the Science of Living Well: Telomeres

In simple terms telomere length is a genetic factor related to our general health. In fact telomere length is now recognized as a biomarker for predicting the timeline of our individual life expectancy. Shorter telomeres equal less life. The word “telomere” is derived from the Greek nouns telos meaning 'end' and merοs meaning 'part.'

Telomere regions function to prevent the degradation of genes near the ends of our 46 chromosomes. A chromosome is a single piece of coiled DNA and contains many genes. The entire genome has about 25,000 protein sequencing genes.

A telomere is a special region of repetitive nucleotide sequences or base pairs at each end of a chromosome. Telomeres consist of genes that protect the end of our chromosomes from deterioration or fusion with neighboring chromosomes.

Here’s another way to think of telomeres. They’re a collection of ring-like “caps” that function to protect the end of a DNA strand from being frayed, unraveled or worn out. For this reason telomeres have been compared in action with the plastic tips on shoelaces. Shoelace tips or 'aiglets' prevent the shoelace string from becoming undone.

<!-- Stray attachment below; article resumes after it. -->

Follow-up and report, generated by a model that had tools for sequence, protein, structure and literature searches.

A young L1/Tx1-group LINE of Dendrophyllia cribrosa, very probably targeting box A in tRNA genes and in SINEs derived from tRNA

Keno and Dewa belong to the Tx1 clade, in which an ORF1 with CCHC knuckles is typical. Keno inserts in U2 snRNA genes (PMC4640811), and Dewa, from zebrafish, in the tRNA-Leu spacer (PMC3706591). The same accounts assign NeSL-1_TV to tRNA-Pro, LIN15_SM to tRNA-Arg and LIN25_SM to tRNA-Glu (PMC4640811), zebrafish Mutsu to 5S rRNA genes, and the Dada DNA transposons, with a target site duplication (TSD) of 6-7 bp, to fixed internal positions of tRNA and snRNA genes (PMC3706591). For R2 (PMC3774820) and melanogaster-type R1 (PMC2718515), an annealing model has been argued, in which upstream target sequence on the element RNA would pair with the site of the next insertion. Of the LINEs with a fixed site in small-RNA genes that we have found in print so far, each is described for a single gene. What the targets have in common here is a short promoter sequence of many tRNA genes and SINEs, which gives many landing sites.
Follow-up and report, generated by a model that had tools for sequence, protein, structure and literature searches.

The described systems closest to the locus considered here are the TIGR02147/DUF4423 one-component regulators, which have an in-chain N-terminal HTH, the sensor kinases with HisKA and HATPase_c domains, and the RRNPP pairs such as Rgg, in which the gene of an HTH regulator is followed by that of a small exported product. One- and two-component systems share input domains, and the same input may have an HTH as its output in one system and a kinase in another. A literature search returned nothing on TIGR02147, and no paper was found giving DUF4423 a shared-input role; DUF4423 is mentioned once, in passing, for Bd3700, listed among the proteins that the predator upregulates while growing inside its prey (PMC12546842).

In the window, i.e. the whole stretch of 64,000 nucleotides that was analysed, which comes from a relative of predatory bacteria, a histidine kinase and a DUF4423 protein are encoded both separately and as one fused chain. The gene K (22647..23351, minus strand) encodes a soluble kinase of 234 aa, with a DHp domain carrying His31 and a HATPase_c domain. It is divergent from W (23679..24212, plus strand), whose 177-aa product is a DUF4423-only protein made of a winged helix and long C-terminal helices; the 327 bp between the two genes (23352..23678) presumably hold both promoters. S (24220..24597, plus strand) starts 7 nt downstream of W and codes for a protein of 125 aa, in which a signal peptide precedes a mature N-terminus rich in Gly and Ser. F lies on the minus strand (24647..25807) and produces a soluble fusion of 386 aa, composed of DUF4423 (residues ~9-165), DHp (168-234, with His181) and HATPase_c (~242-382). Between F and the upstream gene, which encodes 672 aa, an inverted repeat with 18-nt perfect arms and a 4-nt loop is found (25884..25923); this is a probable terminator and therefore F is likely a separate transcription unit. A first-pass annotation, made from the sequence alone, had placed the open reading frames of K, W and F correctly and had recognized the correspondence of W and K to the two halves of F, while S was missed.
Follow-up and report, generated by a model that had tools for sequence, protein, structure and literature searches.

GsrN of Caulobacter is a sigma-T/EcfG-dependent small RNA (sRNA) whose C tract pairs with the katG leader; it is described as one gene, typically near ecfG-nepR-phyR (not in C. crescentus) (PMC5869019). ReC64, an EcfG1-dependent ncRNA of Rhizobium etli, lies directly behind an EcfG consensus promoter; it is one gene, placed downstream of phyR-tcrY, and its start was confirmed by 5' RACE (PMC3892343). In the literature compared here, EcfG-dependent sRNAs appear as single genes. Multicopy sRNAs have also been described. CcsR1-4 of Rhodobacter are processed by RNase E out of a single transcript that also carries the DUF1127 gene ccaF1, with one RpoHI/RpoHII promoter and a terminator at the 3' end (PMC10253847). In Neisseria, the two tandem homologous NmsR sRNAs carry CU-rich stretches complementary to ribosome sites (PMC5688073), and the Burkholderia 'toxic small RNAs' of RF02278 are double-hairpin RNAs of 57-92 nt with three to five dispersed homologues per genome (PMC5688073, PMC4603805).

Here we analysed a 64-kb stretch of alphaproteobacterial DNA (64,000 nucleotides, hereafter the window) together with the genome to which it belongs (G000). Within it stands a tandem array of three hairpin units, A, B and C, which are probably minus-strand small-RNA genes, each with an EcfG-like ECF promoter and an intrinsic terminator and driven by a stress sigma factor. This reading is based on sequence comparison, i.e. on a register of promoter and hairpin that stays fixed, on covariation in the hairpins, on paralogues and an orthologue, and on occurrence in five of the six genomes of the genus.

Every cell (except red blood cells) contains a nucleus with genes and chromosomes. This is where we can find our personal book of life written in digital language as a genetic code. Chromosomes are made up of DNA molecules that are millions of bases long coiled up like a slinky.

When a cell divides the genetic material inside that cell needs to be copied by a process called DNA replication. During this process enzymes that replicate a strand of DNA are unable to continue replicating all the way to the end. This causes the loss of some DNA.

At birth we have about 10,000 telomeric base pairs but as we burn in the fire of time and due to continuous cell division, our telomeric sequences slowly disappear. At 5000 bases we begin to show evidence of old age. We lose functional lean mass, forget things, need cheaters to read, experience fatigue more frequently and don’t recover from exercise as quickly as we once did.

Losing telomeres is not cool. Unlike homeopathy, less is definitely not more.

When telomeres shorten we are headed in the wrong direction. When cells divide telomeres shorten and bad things happen when telomeres get shorter.

Each time a cell divides, an average person loses 30 to 200 base pairs from the ends of that cell's telomeres. So we’re talking about a slow gradual decline in telomere length that takes time to occur. Like a lifetime.